This mixture of legal and totalitarian traditions of democracy are evident in communist parties all over the world (stalinists with ”stone faces” versus reform communists with ”human face”) but also in the social democratic parties (the radical socialist wing versus the traditional non-socialist social democrats), the conservatives (the liberal conservatives versus the authoritarian law and order-conservatives), Greens (the realo greens versus the utopian greens).
Talmon has been criticised by a number of scholars. Irving Kristol reasoned that Talmon’s division between a “liberal democracy”, empirical, skeptical, and rational, and a ”totalitarian democracy”, doctrinaire, enthusiastic, and rationalist, is far too superficially made. Kristol’s comment needs to be accepted but the purpose in this lecture is to draw attention to Talmon’s writings for their relevance with respect to the present crisis of the western democracies but also with respect to the growing dissatisfaction of the citizens of the authoritarian states in Russia, China and the Arab countries in Africa and the Middle East.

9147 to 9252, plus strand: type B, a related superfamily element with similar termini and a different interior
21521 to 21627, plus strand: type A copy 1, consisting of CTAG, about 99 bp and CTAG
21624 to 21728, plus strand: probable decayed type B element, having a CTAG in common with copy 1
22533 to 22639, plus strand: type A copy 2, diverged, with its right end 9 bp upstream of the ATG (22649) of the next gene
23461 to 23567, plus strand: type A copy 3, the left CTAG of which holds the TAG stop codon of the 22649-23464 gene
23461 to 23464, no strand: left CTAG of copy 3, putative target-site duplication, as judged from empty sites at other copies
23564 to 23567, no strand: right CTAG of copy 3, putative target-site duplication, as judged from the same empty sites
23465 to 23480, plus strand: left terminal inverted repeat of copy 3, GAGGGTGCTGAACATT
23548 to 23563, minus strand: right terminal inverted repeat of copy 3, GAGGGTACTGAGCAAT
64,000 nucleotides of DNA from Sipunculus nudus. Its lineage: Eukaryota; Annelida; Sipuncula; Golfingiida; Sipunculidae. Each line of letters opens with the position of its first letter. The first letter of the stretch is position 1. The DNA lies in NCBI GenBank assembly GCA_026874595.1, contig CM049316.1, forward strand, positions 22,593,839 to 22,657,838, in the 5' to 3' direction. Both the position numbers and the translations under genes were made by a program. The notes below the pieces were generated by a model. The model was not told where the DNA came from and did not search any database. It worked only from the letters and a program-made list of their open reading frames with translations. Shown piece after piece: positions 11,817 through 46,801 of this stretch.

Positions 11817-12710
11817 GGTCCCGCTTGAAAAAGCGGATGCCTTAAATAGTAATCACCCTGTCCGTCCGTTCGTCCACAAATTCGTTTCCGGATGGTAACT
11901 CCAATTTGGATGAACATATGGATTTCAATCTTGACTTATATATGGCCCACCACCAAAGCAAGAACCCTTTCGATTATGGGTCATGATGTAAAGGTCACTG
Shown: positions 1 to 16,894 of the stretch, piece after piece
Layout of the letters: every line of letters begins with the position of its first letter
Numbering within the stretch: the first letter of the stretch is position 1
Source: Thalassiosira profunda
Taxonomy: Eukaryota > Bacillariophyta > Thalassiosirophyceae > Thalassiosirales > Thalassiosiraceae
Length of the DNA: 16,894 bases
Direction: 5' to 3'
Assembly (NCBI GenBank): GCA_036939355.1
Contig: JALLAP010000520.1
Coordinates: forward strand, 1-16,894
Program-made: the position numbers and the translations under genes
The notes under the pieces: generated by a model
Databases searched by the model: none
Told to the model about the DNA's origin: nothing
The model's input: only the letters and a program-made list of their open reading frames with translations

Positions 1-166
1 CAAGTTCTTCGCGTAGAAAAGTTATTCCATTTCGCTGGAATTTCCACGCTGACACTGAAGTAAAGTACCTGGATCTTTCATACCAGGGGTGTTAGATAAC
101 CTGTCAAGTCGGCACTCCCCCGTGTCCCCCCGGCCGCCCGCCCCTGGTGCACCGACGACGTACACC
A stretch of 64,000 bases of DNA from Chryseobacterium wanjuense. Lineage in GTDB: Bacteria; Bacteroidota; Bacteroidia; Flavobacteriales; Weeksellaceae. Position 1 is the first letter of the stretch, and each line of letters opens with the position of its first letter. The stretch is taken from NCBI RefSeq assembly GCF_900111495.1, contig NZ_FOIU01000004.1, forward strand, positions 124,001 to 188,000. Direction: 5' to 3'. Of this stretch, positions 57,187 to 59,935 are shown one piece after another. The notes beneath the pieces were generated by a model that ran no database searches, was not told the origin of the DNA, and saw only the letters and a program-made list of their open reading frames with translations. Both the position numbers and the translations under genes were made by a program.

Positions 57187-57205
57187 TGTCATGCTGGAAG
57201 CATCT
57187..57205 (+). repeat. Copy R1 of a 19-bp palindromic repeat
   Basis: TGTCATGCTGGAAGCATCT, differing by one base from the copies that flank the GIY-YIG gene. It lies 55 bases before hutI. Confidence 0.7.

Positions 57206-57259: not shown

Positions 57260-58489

Totalitarian tradition - and what about ”Trumpism”, ”Putinism” or Greta Thunberg?
The totalitarian democratic school, on the other hand, is based upon the assumption of a sole and exclusive truth in politics. The paradox of totalitarian democracy is in its insistence that they are compatible, social justice and democracy. It recognizes ultimately only one plane of existence, the political. President Xi Jinping’s strategy concerning ”the Chinese dream” or ”a harmonious world order” are to be in compliance with the totalitarian democratic school of thoughts.